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DanceSyndrome: the dance charity taking steps to change lives

18th June 2020

The face of Richard Jinman

by Richard Jinman

Senior Creative Editor

DanceSyndrome is a truly inclusive place where people of all abilities work together to create inspiring performances.

Two people (Jess Reid and David Corr) rehearsing at DanceSyndrome, Preston, England
David Corr and Jess Reid at DanceSyndrome, Preston, England

If David Corr gets angry or frustrated he knows what to do: turn up the music and dance. “It just makes me happy – I love it,” says the 20-year-old catering student from Preston in Lancashire. “I feel like I’m escaping.”

His sense of freedom is shared by 16-year-old Jess Reid who is devising a duet with David for U.Dance, a national dance competition for youth. “I can dance any bad feeling away,” says Jess during a break from rehearsals in a sunlit community hall in Preston. “It makes me feel amazing really.”

David and Jess, who both have Down’s Syndrome, are members of DanceSyndrome, a pioneering Lancashire charity funded by The National Lottery. Since the first draw took place on 19 November 1994, more than £40 billion has been raised for good causes in the areas of arts, sport, heritage and community.

DanceSyndrome was founded in 2009 by the dancer and musician Jen Blackwell, who also has Down’s Syndrome. It is a truly inclusive place where people of all abilities work together to create inspiring dance performances.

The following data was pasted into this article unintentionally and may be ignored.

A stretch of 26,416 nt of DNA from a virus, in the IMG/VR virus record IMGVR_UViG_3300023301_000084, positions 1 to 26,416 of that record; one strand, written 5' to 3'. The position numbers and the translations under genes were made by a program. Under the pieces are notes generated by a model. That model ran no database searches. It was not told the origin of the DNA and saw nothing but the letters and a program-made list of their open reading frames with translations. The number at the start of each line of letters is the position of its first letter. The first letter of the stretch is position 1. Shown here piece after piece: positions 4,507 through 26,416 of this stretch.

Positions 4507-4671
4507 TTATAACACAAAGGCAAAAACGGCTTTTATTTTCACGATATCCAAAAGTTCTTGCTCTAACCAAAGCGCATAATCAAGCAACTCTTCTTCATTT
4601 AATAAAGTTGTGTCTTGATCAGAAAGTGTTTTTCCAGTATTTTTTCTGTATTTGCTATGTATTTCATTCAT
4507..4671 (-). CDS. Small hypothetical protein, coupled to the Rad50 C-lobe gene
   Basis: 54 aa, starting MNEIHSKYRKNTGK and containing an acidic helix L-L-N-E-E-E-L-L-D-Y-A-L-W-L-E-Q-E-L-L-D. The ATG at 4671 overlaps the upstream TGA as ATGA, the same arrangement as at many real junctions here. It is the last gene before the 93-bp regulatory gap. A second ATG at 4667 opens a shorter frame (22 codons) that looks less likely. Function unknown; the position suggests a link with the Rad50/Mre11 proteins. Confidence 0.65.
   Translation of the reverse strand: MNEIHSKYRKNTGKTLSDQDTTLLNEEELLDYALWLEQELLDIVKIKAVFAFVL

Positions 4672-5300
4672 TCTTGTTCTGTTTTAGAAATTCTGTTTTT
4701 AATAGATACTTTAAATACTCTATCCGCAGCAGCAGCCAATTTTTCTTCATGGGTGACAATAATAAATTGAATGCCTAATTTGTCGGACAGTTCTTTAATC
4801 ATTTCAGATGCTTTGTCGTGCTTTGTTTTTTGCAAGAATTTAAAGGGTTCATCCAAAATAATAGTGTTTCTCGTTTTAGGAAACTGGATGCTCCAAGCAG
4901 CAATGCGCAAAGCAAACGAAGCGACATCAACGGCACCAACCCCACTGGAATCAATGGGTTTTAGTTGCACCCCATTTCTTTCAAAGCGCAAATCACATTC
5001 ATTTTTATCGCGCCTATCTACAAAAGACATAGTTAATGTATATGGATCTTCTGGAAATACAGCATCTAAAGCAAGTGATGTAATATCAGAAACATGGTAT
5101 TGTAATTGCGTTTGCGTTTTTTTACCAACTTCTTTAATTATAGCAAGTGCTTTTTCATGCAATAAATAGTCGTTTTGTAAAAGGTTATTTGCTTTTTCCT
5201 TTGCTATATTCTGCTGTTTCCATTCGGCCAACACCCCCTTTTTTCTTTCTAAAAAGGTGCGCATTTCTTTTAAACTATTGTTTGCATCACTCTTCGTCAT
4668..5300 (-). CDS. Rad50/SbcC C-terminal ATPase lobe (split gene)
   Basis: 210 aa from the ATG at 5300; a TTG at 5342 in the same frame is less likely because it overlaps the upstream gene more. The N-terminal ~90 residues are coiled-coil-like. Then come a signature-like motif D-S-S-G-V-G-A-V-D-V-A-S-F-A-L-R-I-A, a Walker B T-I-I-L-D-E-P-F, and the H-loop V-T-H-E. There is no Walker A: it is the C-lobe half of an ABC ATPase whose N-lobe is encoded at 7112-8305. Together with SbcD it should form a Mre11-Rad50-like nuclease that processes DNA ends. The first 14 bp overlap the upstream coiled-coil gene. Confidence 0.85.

At last year’s Edinburgh Fringe Festival they performed a work called Lit adrift that was inspired by the death of David’s grandfather.

“It hurt me in my heart,” he says of loss of his relative. “And the best way to express that emotion was through dance.”

A group of people from Dance Syndrome rehearsing
Members of DanceSyndrome rehearsing in Preston, England

While the moments in the spotlight are exhilarating, they are only one way the group is changing lives by using movement to obliterate conventional notions of ability and disability.

“Dance is the vehicle we use to overcome social barriers,” says the managing director of DanceSyndrome, Dawn Vickers. “When people walk through the door they’re a dancer – other concerns are left behind.”

The group’s weekly rehearsals and regular performances have done wonders for the confidence of DanceSyndrome’s core group of 22 dancers and the thousands of people they meet each year via outreach sessions at schools. “When people develop confidence, they take better care of themselves and get more independent,” says Dawn. “We’ve seen people move into their own accommodation and start using public transport for the first time.”

None of this would be possible without funding from The National Lottery. “It’s essential, absolutely essential,” says Dawn. “More than 85 per cent of our income comes from government funding.”

The model DanceSyndrome is pioneering in Lancashire is so successful it is being used as a blueprint for similar projects in Nottingham and Oldham. Using money provided by The National Lottery Community Fund’s Reaching Communities fund, DanceSyndrome is working with two organisations – Pulp Friction and Funky Fitness and Fun – to replicate its life-changing programs.

David’s mother Jenni says DanceSyndrome has had a profound effect on her son. “It’s everything to him,” she says. “He’s always wanted to be a dancer, but regular dance classes never suited him. Four weeks after joining DanceSyndrome he did a performance at [Manchester art space] The Lowery and that was it – he was off.”

The members of DanceSyndrome and their parents have developed strong bonds – this is a community as well as a dance company. Jess says the other dancers are “like brothers and sisters”; the other parents are “like mums and dads.” If someone is struggling with something – on or off the dance floor – the others are quick to offer help.

Dawn says some of the greatest moments are walking into the dance space and seeing “the smiles and the connections that are being made. You can feel the happiness,” she says.

Dave agrees. “Without DanceSyndrome I’d still be dancing in my house,” he says. “Without these people life would be hard.”